The first track on this new release is Thomas Tallis' four-part a cappella hymn "Why fum'th in fight", the tune which forms the basis for Vaughan Williams' Fantasia on a Theme of Thomas Tallis. Vaughan Williams' Symphony No. 5, premiered in 1943 during World War II, was a contrast to his Foruth symphony and was instantly recognized as an island of serenity in a time of great uncertainty.

'Serenade to Music' has been called one of the most sublime musical creations of the 20th century. Set to the final scene of Shakespeare's The Merchant of Venice, it was originally created for 16 soloists, but the composer designed the work so that it could also be performed by four soloists and chorus. This work was composed for and dedicated to Sir Henry Wood - who instituted London's Promenade Concerts - in celebration of his 50th anniversary as a conductor.

Personnel:
Robert Spano (conductor), Atlanta Symphony Orchestra and Chamber Chorus, Jessica Rivera (soprano), Kelley O'Connor (mezzo-soprano), Thomas Studebaker (tenor), Nmon Ford (baritone)


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Most Helpful Customer Reviews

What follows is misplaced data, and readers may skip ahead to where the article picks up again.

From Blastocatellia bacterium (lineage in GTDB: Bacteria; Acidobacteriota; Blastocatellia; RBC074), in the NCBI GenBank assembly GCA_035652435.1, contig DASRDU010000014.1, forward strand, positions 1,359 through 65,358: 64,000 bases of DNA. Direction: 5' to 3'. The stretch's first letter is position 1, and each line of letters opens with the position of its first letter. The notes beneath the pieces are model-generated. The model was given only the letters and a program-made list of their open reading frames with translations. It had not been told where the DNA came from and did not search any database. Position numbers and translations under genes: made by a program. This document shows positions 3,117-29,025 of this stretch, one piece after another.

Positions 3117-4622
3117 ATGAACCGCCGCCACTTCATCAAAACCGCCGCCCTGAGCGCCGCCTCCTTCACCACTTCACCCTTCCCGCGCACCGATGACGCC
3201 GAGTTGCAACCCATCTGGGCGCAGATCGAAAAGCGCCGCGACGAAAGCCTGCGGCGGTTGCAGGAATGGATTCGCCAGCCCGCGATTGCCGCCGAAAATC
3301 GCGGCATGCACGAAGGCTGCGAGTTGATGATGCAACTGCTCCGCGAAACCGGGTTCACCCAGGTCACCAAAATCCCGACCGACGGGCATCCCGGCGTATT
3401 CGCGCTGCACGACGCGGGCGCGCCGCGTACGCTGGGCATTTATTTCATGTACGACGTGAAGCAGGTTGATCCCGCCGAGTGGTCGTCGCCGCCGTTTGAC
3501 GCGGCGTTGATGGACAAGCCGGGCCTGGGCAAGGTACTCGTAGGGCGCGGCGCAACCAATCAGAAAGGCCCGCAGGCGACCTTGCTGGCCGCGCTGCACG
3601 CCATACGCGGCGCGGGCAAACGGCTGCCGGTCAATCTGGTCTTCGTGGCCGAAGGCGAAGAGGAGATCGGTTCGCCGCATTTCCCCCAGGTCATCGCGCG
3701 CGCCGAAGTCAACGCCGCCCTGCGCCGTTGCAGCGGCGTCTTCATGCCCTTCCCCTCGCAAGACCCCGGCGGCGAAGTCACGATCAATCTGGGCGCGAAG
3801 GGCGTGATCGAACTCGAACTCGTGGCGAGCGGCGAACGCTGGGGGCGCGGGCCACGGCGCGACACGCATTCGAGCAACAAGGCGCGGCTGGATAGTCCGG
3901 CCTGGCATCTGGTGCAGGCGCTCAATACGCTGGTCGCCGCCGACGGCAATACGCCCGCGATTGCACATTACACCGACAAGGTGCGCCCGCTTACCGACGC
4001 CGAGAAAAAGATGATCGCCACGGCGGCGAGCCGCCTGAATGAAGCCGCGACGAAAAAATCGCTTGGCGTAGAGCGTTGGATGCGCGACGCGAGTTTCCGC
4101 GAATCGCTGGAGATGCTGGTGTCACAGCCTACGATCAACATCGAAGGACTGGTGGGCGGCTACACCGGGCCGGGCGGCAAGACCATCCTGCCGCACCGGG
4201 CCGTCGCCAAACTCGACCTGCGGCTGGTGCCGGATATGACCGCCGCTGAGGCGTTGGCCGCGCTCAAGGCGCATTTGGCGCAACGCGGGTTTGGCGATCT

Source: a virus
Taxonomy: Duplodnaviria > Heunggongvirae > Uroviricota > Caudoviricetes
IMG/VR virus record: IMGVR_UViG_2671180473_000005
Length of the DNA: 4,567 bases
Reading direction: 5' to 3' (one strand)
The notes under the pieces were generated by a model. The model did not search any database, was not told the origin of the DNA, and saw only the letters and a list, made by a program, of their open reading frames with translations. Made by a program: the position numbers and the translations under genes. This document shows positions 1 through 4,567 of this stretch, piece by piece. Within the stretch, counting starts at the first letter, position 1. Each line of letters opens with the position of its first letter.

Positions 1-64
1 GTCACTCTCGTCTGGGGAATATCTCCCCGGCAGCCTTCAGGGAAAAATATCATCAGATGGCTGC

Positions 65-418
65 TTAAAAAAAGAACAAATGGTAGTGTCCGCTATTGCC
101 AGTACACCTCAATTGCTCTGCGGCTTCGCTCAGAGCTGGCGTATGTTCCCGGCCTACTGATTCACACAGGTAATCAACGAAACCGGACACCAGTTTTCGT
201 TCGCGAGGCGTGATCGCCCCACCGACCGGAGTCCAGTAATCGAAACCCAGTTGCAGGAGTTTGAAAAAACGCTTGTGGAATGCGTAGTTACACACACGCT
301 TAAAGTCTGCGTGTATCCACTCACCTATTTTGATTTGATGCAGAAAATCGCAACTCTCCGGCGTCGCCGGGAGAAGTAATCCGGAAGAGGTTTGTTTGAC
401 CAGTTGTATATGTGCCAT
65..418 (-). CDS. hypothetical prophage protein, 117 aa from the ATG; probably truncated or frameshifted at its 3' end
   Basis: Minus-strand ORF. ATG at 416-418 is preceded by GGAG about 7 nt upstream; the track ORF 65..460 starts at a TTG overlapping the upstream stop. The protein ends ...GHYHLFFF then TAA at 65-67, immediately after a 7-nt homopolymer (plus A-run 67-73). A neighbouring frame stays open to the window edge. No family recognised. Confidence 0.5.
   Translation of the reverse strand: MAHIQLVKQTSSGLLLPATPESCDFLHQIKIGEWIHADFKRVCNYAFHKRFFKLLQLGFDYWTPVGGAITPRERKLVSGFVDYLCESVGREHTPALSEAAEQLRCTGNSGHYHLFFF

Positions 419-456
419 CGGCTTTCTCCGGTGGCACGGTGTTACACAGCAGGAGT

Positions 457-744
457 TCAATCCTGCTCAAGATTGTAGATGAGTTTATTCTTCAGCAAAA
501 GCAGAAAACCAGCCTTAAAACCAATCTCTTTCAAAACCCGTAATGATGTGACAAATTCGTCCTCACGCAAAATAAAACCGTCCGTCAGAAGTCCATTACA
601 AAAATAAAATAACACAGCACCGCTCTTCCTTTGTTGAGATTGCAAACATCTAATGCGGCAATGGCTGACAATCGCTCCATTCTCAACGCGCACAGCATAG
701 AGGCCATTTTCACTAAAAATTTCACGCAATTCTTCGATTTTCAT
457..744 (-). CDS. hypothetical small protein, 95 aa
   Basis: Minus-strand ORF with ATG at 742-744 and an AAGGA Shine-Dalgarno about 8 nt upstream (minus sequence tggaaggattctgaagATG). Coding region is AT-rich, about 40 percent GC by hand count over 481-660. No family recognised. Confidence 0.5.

0 of 3 people found the following review helpful
5.0 out of 5 stars beautiful music 24 Oct 2011
Format:Audio CD|Verified Purchase
this is a beautiful relaxing cd.i lie on my lounge shut my eyes and let the music take over. the atlanta symphony is a very very good orchestra. The symphony no 5 has beautiful melodic pieces which show off the strings perfectly.
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Amazon.com: 5.0 out of 5 stars  6 reviews
19 of 19 people found the following review helpful
5.0 out of 5 stars Wonderful Performances, Especially of the Symphony 24 Dec 2007
By M. C. Passarella - Published on Amazon.com
Format:Audio CD
This CD usefully and attractively collects some of Vaughan Williams' most serenely beautiful music, including his "other" pastoral symphony, the Symphony No. 5 written in the early years of World War II. As the notes to the recording state, the first hearers of this symphony were possibly perplexed to hear this gentle successor to the angry, militant Symphony No. 4 completed in 1934 as war clouds gathered over Europe. I guess it just goes to prove that interior states and external events don't always square with one another in the creative life. After all, Beethoven and Mozart both created some of their sunniest and most confident works at difficult periods in their lives. And there's no indication that Mozart was in extremis when he wrote some of his most tragically intense compositions, such as the Piano Concerto No. 20 and Symphony No. 40. So how to explain the pastoral radiance of Vaughan Williams' Fifth? No way to fully explain it, perhaps. However, the notes to the recording reveal that Vaughn Williams wrote the symphony while working on his opera The Pilgrim's Progress, so it's not surprising that the two works share the message of comfort in adversity that is at the heart of John Bunyan's allegorical tale.